WIZARDRY

By Jack Hirschfeld

For more than five years I’ve been working on and off on an essay I call The World of Tomorrow.  It’s about how movies that project the future influence the way we think about the future.  The essay gets its title from a film made in 1984 by Lance Bird and Tom Johnson, which focuses on the New York World’s Fair of 1939-40.

Recently I’ve been thinking more about that film than about my essay.  The filmmakers take 1939 as a watershed moment and they use images and history of the World’s Fair to disclose both the wonder and the fakery that go into our hopes and dreams of the future.  The film is narrated by Jason Robards Jr in the voice of an adult looking back to the experience of the Fair in his childhood.  He remembers 1939 as the year the “world went from black and white to color.”

This idea references the actual transition from black and white to Technicolor that took place in 1939 in the movie The Wizard of Oz.  Clips from that film appear in The World of Tomorrow and through this connection I am led to some subtle messages, intended or otherwise, that inform The Wizard of Oz.  In The Wizard the ”real world” is portrayed in black and white, and the Kansas of the film is gray and full of foreboding, eventually swept by a powerful tornado. The protagonist, Dorothy (a child/teen/young adult) encounters several characters who will appear in a transformed state when the tornado carries her off to the land of Oz.

Oz glows in Technicolor, and Dorothy lands in Munchkinland, a community of little people.  In that day ordinary folks were referred to as “the average Joe” or “the little guy”.  Maybe this notion implies more symbolism than the filmmakers – or L. Frank Baum, author of the book The Wonderful Wizard of Oz – intended; but both the book and film have been subjected to ”interpretation” many times, and so I think I’m entitled to a go.  So I see Munchkinland as the Oz equivalent of “the Heartland” where ordinary folks live. A different kind of life exists far away, up the yellow brick road, in the great and wonderful Emerald City where the wonderful Wizard resides.  Is it really a stretch to see this as the urban centers from which “progress” and “sophistication” emanate?  The visual impression of the Emerald City is of a modernist version of a storybook kingdom, splendid and exuding wealth and largesse.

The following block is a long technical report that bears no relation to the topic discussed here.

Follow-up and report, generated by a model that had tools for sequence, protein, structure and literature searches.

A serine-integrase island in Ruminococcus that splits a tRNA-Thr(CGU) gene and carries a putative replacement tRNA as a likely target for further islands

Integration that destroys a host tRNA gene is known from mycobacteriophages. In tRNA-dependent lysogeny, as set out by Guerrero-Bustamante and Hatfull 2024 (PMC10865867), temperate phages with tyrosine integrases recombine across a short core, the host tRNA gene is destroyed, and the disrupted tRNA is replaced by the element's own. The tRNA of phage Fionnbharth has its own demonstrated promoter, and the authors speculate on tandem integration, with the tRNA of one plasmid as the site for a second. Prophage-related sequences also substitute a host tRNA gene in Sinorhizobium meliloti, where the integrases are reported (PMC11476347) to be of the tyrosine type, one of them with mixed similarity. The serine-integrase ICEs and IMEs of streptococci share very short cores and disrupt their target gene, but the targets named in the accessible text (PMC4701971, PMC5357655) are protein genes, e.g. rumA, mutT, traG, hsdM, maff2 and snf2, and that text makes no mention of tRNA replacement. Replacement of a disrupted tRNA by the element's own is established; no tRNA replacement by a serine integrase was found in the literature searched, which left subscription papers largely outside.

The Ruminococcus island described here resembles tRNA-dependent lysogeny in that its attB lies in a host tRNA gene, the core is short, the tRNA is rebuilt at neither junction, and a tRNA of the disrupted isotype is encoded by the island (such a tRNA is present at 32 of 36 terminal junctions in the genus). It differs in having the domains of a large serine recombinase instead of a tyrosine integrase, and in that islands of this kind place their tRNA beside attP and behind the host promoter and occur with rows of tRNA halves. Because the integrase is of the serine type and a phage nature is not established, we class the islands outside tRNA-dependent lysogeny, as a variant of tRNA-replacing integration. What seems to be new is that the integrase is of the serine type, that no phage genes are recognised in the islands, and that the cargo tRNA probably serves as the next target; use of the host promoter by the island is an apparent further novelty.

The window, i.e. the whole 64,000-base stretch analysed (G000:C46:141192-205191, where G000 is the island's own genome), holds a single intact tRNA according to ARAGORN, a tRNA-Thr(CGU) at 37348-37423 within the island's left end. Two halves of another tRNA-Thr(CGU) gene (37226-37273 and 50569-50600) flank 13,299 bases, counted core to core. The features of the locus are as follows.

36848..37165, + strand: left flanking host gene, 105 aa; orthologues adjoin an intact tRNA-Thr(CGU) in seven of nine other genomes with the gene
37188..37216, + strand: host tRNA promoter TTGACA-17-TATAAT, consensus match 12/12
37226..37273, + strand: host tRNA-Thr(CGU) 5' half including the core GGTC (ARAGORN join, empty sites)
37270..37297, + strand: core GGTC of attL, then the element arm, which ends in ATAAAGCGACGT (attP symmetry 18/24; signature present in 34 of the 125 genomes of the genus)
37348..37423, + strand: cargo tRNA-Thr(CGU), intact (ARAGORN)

There is this storyline of obstacles and challenges that Dorothy, and the friends she makes during her journey to see the Wizard which is also rich with metaphor, but I focus on journey’s end, when Dorothy is rebuffed by the Wizard and fears she will never be able to return home.  Her little dog Toto pulls back a curtain that reveals the Wizard to be a humbug, and the dazzling image of the Wizard is nothing more than fakery, evidently designed to inspire awe and fear in all who approach him.  The “wisdom” of the Wizard consists of bestowing courage, intelligence and compassion with tawdry substitutes. Is there an analogue here to the current state of our culture?

All of this comes to mind because we celebrate this year another anniversary for The Wizard of Oz. For an innocent child in 1939, the world transitioned from black and white to color.  But in 1939 the world was actually about to descend into a darkness imposed by fascist states.  So, when we celebrate the 80thanniversary of The Wizard of Oz we need also to remember that it’s the 80thanniversary of the German army crossing the Polish border, precipitating World War 2.

Who could have known then what the world we live in now would look like?  Some visions from the World’s Fair took hold, and we can see their fruits in today’s world.  Other aspects of the current age were totally beyond the imagination of the creators of “The World of Tomorrow”.  The people of 1939 may have supposed that they had already achieved all the social justice possible and therefore the lingering injustice might not have entered their thoughts.  But surely nobody envisioned the current environmental crisis, nor the obstinate reliance on the man behind the curtain and his chicanery.

Since it’s an anniversary year, there will be many revivals of The Wizard of Oz this year.  It will be re-released to theatres, probably a new Blu-ray version will be made available,

Turner Movie Classics will likely make a fuss.  It’s been around a long time, but most people today have only seen it on television.

Here in Havre de Grace where I live, we will be showing the film in March as part of our children’s series at the Cultural Center at the Opera House.  The movie retains its charm and beauty and is worth seeing again, especially on the big screen.  If you decide to watch it again, look to see if what I have written here makes any sense to you.

Meanwhile, the Technicolor world we live in is a manufactured illusion, and the manipulating Wizards just as phony as they ever were.  The world of tomorrow is – as it always has been – an unknown, but whatever it looks like, the steps we take today will shape it, whether or not we adhere to the yellow brick road.

Source: https://jackhirschfeld.blogspot.com/

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